Cloud Confusing

Explaining hosting, AWS, project management, and all manner of cloud solutions.

Amazon’s S3 is a great tool for hosting static sites for nearly free (and often times free). Setting up a website in S3 takes just a few minutes, and once it’s there it’s secure, scalable, and affordable. That said, it’s not the tool for everyone — like AWS, S3 has many quirks and it has a real learning curve. Also AWS support is far from free and if you want to do anything non-standard, like URL redirects, there can be many headaches. So here are some of the best alternatives to S3 static site hosting for every user, need, and budget.

I’ll try to update this periodically.

Just to be clear, this website is hosted on AWS and I have a number of static sites (over 20) hosted on S3.

Static Hosting for the Power User

  • Netlify

    Why choose it: easy continuous deployment, easy/free HTTPS, built-in plugins for popular features like forms and user auth.
    Pricing: Free to start, first useful tier at $25/month

  • Firebase Hosting

  • Google Cloud

Easy-to-Use Static Hosting

Cheap/Free Static Hosting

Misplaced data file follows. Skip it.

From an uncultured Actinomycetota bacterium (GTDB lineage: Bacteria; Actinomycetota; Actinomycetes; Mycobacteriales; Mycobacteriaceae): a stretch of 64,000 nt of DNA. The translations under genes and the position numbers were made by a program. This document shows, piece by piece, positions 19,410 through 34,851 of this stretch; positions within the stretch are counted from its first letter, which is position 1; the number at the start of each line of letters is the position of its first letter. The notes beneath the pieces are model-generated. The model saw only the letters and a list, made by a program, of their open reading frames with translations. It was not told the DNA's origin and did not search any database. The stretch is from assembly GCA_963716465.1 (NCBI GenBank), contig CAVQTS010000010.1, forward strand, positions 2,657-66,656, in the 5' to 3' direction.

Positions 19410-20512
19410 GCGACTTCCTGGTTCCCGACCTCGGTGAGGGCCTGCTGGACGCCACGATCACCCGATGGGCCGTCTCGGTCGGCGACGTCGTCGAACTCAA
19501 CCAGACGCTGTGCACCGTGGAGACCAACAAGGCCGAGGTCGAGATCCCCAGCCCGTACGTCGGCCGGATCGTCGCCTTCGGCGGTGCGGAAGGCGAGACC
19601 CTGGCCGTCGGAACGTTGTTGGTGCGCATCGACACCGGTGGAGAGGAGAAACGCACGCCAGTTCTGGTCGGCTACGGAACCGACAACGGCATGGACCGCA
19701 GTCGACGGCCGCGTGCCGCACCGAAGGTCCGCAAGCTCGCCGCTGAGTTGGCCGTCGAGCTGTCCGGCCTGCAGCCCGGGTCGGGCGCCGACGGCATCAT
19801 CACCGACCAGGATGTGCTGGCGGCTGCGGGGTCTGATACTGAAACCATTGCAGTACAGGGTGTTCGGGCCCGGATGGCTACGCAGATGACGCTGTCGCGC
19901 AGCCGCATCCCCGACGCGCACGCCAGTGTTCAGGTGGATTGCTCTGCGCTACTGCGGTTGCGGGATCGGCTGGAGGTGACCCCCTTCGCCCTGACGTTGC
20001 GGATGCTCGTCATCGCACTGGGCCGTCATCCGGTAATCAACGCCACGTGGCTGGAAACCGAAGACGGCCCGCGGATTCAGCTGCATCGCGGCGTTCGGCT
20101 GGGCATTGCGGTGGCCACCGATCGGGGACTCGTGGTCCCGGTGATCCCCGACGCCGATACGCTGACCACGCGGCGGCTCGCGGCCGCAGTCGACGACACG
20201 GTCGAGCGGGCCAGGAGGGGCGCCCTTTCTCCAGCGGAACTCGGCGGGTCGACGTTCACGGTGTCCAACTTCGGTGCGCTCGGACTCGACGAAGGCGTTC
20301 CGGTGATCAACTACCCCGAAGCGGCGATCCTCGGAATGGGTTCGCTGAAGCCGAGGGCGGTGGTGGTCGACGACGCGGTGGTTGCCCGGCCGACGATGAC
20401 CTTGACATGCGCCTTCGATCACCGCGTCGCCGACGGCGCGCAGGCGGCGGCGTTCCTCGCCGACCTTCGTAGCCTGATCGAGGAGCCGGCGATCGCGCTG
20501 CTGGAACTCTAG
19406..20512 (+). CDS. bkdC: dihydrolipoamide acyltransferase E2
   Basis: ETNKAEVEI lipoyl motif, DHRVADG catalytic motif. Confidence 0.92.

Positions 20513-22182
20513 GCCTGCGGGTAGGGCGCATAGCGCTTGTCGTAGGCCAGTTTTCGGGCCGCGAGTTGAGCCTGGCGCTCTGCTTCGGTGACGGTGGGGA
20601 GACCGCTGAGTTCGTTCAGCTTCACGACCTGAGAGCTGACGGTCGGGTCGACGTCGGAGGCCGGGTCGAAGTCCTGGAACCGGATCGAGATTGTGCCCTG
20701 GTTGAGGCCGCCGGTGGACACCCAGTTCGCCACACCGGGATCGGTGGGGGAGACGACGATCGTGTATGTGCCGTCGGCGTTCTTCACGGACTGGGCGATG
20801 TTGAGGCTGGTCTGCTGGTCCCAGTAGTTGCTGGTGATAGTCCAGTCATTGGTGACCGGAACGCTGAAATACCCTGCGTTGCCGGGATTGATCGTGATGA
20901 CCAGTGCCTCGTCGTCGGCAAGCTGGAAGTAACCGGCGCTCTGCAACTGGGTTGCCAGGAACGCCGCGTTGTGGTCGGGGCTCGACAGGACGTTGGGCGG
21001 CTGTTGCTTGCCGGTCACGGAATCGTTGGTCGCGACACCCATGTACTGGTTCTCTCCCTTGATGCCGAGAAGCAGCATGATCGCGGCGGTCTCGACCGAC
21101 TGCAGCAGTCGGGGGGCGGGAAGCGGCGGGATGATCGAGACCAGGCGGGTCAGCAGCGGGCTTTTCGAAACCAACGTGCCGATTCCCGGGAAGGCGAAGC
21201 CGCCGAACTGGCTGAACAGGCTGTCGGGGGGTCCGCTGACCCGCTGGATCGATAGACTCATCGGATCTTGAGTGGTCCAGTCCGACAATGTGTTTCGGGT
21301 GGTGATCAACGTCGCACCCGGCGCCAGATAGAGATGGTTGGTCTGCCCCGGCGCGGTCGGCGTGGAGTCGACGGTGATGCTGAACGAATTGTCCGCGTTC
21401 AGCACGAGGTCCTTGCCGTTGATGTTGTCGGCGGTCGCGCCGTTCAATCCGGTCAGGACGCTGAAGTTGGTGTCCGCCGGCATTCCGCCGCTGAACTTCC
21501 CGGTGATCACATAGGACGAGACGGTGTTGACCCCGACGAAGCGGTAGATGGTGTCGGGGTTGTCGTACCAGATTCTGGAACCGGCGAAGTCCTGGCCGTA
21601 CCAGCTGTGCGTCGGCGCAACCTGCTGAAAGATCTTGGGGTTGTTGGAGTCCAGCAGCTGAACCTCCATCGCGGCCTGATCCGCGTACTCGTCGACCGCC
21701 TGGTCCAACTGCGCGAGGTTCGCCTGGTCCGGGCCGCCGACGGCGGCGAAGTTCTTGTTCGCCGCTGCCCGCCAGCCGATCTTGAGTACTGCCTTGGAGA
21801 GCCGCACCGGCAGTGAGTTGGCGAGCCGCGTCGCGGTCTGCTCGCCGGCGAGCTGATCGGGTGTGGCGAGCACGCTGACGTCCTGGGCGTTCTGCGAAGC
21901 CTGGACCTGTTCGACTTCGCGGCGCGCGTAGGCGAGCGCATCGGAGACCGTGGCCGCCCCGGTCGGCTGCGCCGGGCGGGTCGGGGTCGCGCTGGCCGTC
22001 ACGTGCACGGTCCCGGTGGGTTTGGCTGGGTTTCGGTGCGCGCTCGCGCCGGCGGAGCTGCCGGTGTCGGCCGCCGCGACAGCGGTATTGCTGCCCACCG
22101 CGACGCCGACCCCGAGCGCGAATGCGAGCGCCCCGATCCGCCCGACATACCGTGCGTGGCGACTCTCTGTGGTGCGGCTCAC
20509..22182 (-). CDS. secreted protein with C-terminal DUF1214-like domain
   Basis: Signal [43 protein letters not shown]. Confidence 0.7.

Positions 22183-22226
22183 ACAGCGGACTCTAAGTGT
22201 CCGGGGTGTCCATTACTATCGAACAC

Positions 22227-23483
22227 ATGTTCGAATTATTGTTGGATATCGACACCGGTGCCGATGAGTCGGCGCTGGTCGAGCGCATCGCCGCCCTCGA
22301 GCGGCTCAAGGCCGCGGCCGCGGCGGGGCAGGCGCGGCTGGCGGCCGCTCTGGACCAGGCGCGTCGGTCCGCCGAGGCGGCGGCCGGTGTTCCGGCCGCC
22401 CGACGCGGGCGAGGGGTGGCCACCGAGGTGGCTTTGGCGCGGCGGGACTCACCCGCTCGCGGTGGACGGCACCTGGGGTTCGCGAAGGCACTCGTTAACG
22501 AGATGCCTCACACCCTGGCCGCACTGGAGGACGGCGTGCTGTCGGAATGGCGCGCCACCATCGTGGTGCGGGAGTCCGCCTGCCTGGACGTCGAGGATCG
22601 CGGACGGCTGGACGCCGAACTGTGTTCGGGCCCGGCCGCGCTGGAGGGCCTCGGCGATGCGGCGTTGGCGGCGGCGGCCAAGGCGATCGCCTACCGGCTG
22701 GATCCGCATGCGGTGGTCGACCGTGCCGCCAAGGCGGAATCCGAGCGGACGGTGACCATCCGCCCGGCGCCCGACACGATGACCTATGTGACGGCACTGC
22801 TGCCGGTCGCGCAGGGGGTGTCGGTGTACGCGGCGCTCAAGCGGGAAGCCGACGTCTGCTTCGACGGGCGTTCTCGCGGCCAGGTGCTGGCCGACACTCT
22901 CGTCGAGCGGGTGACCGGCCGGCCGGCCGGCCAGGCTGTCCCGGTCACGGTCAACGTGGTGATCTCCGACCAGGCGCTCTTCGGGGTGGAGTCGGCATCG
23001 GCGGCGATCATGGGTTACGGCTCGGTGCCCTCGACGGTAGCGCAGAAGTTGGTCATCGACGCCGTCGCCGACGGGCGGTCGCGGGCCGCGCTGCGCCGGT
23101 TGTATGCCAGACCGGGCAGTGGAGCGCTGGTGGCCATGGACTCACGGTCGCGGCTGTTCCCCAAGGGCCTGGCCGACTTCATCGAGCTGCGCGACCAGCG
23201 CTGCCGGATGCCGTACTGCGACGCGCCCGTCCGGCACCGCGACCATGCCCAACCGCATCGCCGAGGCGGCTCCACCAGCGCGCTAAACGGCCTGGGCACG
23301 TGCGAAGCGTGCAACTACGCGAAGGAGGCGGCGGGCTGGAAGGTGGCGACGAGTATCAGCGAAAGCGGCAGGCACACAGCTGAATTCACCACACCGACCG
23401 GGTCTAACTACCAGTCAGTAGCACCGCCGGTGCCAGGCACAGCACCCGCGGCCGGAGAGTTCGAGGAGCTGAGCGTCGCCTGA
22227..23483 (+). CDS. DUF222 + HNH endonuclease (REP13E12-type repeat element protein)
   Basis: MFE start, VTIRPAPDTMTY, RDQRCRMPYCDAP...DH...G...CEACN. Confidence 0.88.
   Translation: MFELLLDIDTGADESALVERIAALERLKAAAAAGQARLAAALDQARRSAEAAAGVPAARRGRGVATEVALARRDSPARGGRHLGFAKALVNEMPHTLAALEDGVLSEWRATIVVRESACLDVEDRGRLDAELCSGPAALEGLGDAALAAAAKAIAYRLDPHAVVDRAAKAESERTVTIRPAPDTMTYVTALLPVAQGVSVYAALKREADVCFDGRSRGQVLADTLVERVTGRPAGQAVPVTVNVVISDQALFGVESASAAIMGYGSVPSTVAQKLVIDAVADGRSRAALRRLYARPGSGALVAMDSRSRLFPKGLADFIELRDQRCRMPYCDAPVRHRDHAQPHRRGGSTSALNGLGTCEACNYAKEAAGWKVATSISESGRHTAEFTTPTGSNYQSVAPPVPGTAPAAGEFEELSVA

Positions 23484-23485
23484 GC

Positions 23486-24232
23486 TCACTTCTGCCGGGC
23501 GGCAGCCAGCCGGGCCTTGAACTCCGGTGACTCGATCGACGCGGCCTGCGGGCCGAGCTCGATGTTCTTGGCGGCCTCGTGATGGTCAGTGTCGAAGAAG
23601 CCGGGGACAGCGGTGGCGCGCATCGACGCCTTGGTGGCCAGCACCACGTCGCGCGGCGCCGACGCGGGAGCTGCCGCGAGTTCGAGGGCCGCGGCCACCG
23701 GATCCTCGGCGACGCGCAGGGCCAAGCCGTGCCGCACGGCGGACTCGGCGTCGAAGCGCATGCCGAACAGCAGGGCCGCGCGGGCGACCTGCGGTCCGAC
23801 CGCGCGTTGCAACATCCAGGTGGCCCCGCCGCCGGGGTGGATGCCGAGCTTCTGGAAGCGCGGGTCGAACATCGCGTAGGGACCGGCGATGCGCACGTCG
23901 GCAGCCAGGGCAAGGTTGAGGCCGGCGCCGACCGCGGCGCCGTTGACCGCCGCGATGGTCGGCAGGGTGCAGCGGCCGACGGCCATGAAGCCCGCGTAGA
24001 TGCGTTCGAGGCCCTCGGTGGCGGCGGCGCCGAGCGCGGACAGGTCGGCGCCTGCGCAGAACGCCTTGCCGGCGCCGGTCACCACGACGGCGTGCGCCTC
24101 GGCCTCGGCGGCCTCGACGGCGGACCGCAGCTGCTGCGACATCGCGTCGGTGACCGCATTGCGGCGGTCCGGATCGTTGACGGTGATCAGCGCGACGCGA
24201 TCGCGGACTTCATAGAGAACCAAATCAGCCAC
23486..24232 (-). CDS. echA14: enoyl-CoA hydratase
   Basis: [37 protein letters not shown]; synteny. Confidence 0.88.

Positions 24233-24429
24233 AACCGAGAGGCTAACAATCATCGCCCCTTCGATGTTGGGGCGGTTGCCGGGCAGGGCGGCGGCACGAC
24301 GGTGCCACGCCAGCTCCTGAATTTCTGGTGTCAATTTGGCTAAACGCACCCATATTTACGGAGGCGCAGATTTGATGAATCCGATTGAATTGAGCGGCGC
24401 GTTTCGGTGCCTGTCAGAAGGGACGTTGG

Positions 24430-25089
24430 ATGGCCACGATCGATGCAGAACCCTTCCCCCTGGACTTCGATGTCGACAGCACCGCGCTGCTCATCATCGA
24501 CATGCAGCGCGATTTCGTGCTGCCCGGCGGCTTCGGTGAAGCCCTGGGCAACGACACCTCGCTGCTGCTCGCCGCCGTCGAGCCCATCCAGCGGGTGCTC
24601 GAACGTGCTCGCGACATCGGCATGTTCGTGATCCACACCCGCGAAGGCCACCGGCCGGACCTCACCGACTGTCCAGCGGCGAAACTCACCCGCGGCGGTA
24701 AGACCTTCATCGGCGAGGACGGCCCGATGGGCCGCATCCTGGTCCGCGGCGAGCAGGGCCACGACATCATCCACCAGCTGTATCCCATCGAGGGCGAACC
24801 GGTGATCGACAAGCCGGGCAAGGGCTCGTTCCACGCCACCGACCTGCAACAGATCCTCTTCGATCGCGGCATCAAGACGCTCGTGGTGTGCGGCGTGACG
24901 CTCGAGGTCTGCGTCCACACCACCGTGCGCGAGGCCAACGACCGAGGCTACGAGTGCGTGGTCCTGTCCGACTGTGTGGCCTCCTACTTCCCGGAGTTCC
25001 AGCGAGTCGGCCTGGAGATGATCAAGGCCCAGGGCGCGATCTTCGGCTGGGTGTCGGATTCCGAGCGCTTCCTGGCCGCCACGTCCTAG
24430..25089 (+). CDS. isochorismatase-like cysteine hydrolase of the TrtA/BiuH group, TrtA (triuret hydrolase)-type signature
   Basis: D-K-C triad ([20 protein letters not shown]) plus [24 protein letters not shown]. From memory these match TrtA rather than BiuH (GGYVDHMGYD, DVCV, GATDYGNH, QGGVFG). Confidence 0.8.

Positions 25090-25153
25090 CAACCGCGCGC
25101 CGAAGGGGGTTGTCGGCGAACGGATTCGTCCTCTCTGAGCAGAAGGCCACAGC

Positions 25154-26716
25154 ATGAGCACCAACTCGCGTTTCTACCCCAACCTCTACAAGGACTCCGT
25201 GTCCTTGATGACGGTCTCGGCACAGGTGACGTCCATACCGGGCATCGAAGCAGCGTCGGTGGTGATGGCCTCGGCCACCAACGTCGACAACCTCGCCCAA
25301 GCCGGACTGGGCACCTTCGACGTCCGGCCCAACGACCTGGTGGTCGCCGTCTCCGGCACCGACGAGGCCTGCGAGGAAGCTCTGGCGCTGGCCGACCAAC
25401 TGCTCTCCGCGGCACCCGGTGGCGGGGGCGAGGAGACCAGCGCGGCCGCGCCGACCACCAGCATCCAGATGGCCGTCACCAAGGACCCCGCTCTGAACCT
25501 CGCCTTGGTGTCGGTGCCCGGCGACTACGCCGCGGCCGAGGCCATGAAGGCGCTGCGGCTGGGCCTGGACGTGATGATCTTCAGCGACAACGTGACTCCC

Static Hosting Q&A

  • Is this static list in any way exhaustive?
    Definitely not. Almost any host setup can handle static websites. I used to use Dropbox for free static hosting (they’ve since disabled it). You could use all sorts of tools from this, from dedicated static hosting providers to any place on the open internet that you can upload HTML, CSS, and Javascript files to.
  • Do static sites need to be on a static website host?
    Nope, you could use any hosting solution, it’s normally just easier and cheaper to use a specialized tool, like S3, or a specialized host. You could certainly use a $5/mo DigitalOcean droplet for instance.
  • What should I be looking for in my static site hosting?
    This could be a huge list if you are looking for cool technical perks like those offered by Netlify, but at the base level you’ll want a custom domain, HTTPS, some sort of billing controls, an option for email, no advertising running on your site, some good ways to upload/deploy your files (like Github or zip files uploads), CDN integration, and subdomain support. There are more, but these are the basics.
  • I’ve heard of many of these before. What about the cool, new companies in the space?
    I’m sure there are lot of other options, like GetForge, Paperplane.io, and Aerobatic, but these are the options that I’ve used and/or know people who actively use and believe in. Hosting isn’t choosing a beverage, it’s not time to experiment or impress people with your clever boutique choice.
  • What kind of sites are best for static hosting?
    Almost any website can use static hosting, but it’s a best fit for small utility sites, information site that don’t need to be updated often, static site generated builds from Jekyll, Hugo, etc., event sites, and small businesses. Static hosting can get a lot more dynamic if you want to use some dynamic-feeling tools, like third-party commenting or Lunr for search.

May 2nd, 2018

Posted In: AWS

Tags: , , ,